New Delhi: Global Research Forum on Diaspora and Transnationalism (GRFDT) here on September 22, 2018 launched its inaugural issue of biannual journal – Migration and Diasporas: An Interdisciplinary Journal amid eminent academicians, experts and research scholars. The function was marked by four book launches and discussions on various subjects related to migration and diaspora. The launch of the inaugural issue of the Journal was attended by eminent academicians which included Prof RK Jain, former professor of JNU, who chaired the plenary session, Prof Harish Narang, Prof Binod Khadria, Ambassador Anup Mudgal (former High Commissioner to Mauritius), research scholars and students.
Titled ‘In Diasporas’, the plenary session of the function witnessed some of the interesting observation in contemporary diasporic studies. The editors of the journal, Dr Amba Pande and Dr Sadananda Sahoo, in their introductory speech highlighted the theme of the journal and its need in the contemporary diasporic and migration studies. GRFDT is a new non-profit, academic research organization which has been organizing international conferences and conducting studies and publishing monographs on issues related to Diaspora and migration.
The function also witnessed the launch of Women in the Indian Diaspora: Historical Narratives and Contemporary Challenges, edited by Dr Amba Pande; Through the Diasporic Lens, edited by Dr Nandini C Sen, In Diasporic Lands: Tibetan Refugees and their Transformation Since the Exodus, authored by Dr Sudeep Basu and Identity, Diaspora and Literature: Theorising New Diasporic Consciousness, edited by Nitesh Narnolia and Ms Mousan.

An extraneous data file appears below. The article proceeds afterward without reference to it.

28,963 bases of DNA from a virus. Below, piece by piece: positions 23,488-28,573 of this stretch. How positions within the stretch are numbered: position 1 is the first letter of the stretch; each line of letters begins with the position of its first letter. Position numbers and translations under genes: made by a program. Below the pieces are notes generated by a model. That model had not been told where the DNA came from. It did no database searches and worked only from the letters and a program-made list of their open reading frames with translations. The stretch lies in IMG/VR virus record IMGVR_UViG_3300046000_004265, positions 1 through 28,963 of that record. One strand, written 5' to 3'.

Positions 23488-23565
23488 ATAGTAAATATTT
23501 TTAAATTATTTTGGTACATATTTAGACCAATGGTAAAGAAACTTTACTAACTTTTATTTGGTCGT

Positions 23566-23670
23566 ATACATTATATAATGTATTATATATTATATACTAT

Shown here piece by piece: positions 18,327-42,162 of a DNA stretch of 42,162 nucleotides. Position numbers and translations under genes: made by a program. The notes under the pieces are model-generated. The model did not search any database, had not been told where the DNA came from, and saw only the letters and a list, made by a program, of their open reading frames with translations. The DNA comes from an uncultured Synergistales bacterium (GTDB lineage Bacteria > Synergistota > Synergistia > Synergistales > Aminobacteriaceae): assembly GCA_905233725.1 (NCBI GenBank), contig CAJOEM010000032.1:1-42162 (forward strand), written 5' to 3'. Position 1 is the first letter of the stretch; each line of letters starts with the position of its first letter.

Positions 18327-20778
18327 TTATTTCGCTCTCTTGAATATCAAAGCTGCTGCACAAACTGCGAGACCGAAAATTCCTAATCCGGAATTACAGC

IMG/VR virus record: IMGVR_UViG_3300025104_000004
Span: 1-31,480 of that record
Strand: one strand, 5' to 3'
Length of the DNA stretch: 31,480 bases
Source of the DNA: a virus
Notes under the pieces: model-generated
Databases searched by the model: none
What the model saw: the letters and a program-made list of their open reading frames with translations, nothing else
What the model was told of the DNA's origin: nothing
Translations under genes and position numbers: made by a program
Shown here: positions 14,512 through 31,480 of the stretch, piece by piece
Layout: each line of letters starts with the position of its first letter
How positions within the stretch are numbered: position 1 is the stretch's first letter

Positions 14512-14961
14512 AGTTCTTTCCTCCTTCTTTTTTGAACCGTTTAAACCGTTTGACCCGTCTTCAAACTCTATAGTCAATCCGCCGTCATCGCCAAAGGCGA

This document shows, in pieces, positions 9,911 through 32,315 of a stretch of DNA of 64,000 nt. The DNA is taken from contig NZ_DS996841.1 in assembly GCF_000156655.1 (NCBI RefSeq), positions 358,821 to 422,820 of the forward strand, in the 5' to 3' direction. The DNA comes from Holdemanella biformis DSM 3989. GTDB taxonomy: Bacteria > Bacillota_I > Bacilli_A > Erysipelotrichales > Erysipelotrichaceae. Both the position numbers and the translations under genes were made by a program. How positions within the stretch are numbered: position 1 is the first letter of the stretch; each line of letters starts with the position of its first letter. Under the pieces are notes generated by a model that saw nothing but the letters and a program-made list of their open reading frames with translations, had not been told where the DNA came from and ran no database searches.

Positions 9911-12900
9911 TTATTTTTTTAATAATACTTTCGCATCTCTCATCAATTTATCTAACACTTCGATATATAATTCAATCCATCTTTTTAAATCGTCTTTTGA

Speaking at the plenary session, Prof Jain said that interdiscipinarity was at the heart of the Journal, which would enable to ‘see’ rather than ‘look’ at the various issues related to diasporic and migration studies. Highlighting the history of the GRFDT and the need of a journal, which was discussed in the earlier meeting, he applauded the GRFDT for making it a reality today. He said that the Journal was a natural progression in the working of the organization at the macro-level. He quoted Bernard Russell saying that the endeavor of academics is to create a dust and then settle it for better understanding of the discourse.
While speaking on the occasion, Prof Harish Narang problematise the very definition of ‘diaspora’ and said that it was the new password of the 21st century. He equated it with humans’ exemplary transnational movement. He said that in diasporic studies, Jews are considered to be the first Diasporic community but if one looks at the history of civilization like Indus Valley and Mesopotamians and at the South East Asian movement of people, one would come across pre-Jews communities who were diasporic in their movement. While talking about Imaginary homeland and cultural distances between the home and host countries, he said that the concept of nation and homeland are new form of treaty between the two entities. While talking about the phenomenon of people movement from Sitamarhi to Scotland and about the Kolkata Coolie and Indians migrating to Pakistan during partition and still called ‘Mujaheers’ were the diverse manifestation of the concepts of migration and diasporas.